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Bacteriologic Profile and Drug Sensitivity Pattern of Urinary Tract Infection in Children with Renal Diseases in a Tertiary Care Hospital, Dhaka, Bangladesh

Afroza Begum*, Md. Firoz Anjum, Saimul Huq S, Uddin GM, Rahman MH, Roy RR, Abdullalh Al-Mamun and Tahmina Jesmin

Department of Pediatric Nephrology, Bangabandhu Sheikh Mujib Medical University (BSMMU), Dhaka, Bangladesh

*Corresponding Author:
Afroza Begum
Associate Professor, Department of Pediatric Nephrology
Bangabandhu Sheikh Mujib Medical University (BSMMU), Dhaka, Bangladesh
Tel: +880 2-55165760
E-mail: [email protected]; [email protected]

Received Date: August 26, 2017; Accepted Date: August 30, 2017; Published Date: August 31, 2017

Citation: Begum A, Anjum MF, Huq SS, Uddin GM, Rahman MH, et al. (2017) Bacteriologic Profile and Drug Sensitivity Pattern of Urinary Tract Infection in Children with Renal Diseases in A Tertiary Care Hospital, Dhaka, Bangladesh. J Emerg Intern Med Vol.1:No.1:11 .

 
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Abstract

Background: Development of regional bacteriologic profile and drug sensitivity pattern of urinary tract infection (UTI) is very important to treat early and appropriately. Our aim was to evaluate the bacteriological profile and antibiotic sensitivity patterns in children with UTI in different glomerular diseases.

Methodology: This prospective study was carried out in the Department of Pediatric Nephrology, Bangabandhu Sheikh Mujib Medical University, Dhaka from January 2015 to May 2017. All the admitted children up to 18 years of age with UTI were enrolled. Urine specimens were obtained by clean-catch method following careful preparation of the perineal area. Specimens were inoculated immediately in the Mackonky’s media.

Results: Among 1483 admitted children only 102 (6.87%) had significant UTI. Escherichia coli (51.6%) were the most common aetiological agent, followed by Pseudomonas (17.7%), Klebsiella spp. (14.5%), Enterococcus (8%), Streptococcus spp. (4.8%) and proteus (3.2%). The most sensitive drugs were imepenem, meropenem, ceftriaxone, ceftazidime and gentamicin.

Conclusion: The low growth of microorganisms in this study may be due to some patients were already getting antibiotics while collecting the specimen. The isolated organisms showed resistance to a large number of oral and per enteral antibiotics. Gentamicin may be the first option of empiric therapy while waiting for culture reports. Meropenem can be reserved.

Keywords

Urinary tract infection; Renal disease; Bacteriological profile; Drug sensitivity

Introduction

Urinary tract infections remain one of the most common infections and a leading cause of morbidity in human population [1]. The rate of UTI usually depends on age and sex. The incidence of UTI is greater in girls as compared to boys, which may be either due to anatomical structure or physiologic mechanisms [2].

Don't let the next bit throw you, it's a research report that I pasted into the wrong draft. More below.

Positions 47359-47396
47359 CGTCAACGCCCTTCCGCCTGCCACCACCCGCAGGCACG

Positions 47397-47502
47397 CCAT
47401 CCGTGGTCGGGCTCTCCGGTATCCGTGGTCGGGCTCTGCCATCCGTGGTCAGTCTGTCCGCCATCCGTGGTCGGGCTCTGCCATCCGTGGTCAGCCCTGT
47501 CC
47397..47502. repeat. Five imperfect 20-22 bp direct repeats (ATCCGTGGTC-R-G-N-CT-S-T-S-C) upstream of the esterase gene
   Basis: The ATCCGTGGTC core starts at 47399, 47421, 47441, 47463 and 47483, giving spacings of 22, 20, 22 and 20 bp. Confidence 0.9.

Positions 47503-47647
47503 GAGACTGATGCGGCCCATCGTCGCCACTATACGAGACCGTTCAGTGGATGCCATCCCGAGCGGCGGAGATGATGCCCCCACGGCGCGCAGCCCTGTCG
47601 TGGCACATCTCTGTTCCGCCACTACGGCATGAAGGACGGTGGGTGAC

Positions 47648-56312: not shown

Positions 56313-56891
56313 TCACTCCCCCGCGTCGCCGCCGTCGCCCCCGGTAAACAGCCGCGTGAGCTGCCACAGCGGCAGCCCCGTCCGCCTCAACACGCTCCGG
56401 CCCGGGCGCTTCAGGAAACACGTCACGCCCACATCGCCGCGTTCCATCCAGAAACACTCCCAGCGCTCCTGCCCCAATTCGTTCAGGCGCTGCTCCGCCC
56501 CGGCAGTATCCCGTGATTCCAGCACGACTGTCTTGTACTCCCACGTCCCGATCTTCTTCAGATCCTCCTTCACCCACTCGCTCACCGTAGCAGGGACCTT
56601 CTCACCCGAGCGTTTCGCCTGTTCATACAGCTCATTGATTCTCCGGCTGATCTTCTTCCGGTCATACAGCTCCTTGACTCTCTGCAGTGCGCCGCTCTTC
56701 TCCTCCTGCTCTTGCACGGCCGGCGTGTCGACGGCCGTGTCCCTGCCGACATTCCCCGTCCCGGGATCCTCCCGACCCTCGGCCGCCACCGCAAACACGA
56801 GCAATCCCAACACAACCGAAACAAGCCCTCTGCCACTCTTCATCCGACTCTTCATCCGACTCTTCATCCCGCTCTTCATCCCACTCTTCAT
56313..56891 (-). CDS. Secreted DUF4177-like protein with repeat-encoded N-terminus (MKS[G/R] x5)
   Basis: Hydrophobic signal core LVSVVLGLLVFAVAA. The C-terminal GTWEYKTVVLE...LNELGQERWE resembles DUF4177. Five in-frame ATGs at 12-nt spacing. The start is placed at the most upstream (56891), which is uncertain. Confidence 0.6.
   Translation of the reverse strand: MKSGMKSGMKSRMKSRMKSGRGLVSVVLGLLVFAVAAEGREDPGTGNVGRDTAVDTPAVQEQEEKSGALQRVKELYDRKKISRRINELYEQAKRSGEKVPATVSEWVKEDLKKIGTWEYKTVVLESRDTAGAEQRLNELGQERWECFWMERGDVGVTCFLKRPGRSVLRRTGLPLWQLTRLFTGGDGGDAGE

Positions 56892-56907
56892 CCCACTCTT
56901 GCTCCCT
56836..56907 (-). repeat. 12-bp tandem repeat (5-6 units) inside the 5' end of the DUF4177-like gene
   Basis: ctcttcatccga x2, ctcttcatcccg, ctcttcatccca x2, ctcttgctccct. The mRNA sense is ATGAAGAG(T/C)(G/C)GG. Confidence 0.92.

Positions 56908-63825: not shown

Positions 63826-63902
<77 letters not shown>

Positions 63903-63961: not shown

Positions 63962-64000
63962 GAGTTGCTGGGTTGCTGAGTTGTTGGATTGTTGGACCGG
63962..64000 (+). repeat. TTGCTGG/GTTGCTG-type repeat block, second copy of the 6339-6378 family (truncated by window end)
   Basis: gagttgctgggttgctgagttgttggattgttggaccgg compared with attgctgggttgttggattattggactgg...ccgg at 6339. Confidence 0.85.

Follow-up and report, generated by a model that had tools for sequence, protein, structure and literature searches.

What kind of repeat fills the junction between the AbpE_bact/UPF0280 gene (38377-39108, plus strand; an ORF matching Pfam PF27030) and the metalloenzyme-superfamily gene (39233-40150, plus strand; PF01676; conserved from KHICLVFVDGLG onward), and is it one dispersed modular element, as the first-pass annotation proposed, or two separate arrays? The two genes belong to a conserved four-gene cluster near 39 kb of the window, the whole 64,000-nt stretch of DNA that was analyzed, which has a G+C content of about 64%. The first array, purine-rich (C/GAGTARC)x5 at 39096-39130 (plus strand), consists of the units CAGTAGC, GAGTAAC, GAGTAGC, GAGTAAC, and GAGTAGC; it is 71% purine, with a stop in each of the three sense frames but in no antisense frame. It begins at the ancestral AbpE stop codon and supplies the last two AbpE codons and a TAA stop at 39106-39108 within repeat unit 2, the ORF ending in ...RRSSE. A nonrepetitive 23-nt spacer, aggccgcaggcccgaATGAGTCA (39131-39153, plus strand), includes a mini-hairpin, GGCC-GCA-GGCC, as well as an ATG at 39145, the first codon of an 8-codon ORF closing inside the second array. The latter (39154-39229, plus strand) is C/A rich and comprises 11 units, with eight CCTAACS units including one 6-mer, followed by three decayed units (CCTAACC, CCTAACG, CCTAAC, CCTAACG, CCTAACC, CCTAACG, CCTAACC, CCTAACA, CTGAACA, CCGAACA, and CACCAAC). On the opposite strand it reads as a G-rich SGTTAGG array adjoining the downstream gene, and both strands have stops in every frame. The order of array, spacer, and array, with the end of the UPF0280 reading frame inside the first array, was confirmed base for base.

Worldwide, an estimated 8% of girls and 2% of boys experience at least one episode of UTI by the age of seven years and recurrence occurs in 12% to 30% of them within a year [3]. Renal disease is a major cause of morbidity and mortality. Pediatric patients especially younger ones with renal disease may present with nonspecific signs and symptoms unrelated to the urinary tract. Therefore, should be familiar with the modes of presentation of different renal conditions and should have a high index of suspicion of renal disease [4]. Accurate diagnosis and appropriate use of antimicrobials for treatment and prevention of urinary tract infections (UTIs) is vital to reduce the burden and also to prevent the possible long-term consequences like renal scarring, hypertension and eventually end-stage renal disease [5].

Any organism present in the urinary tract can be a cause of UTI but most common organisms belong to enterobacteriaceae family containing facultative anaerobic, gram negative organisms [6].

Escherichia coli have been recognized as the most common pathogen accounting for majority of urinary tract infections in children [7].

Quite often, child receives antibiotics empirically, without adequate evaluation for UTI. The role of antibiotics is very crucial in UTI like any treatment of infection. The use of antibiotics has increased extensively these days and this intense expansion in use of antibiotics has significantly intensified the antibiotic resistance. The resistant patterns have greater variation in frequency with respect to localities and age groups. The organisms which cause UTI have shown multidrug resistance in many researches [8].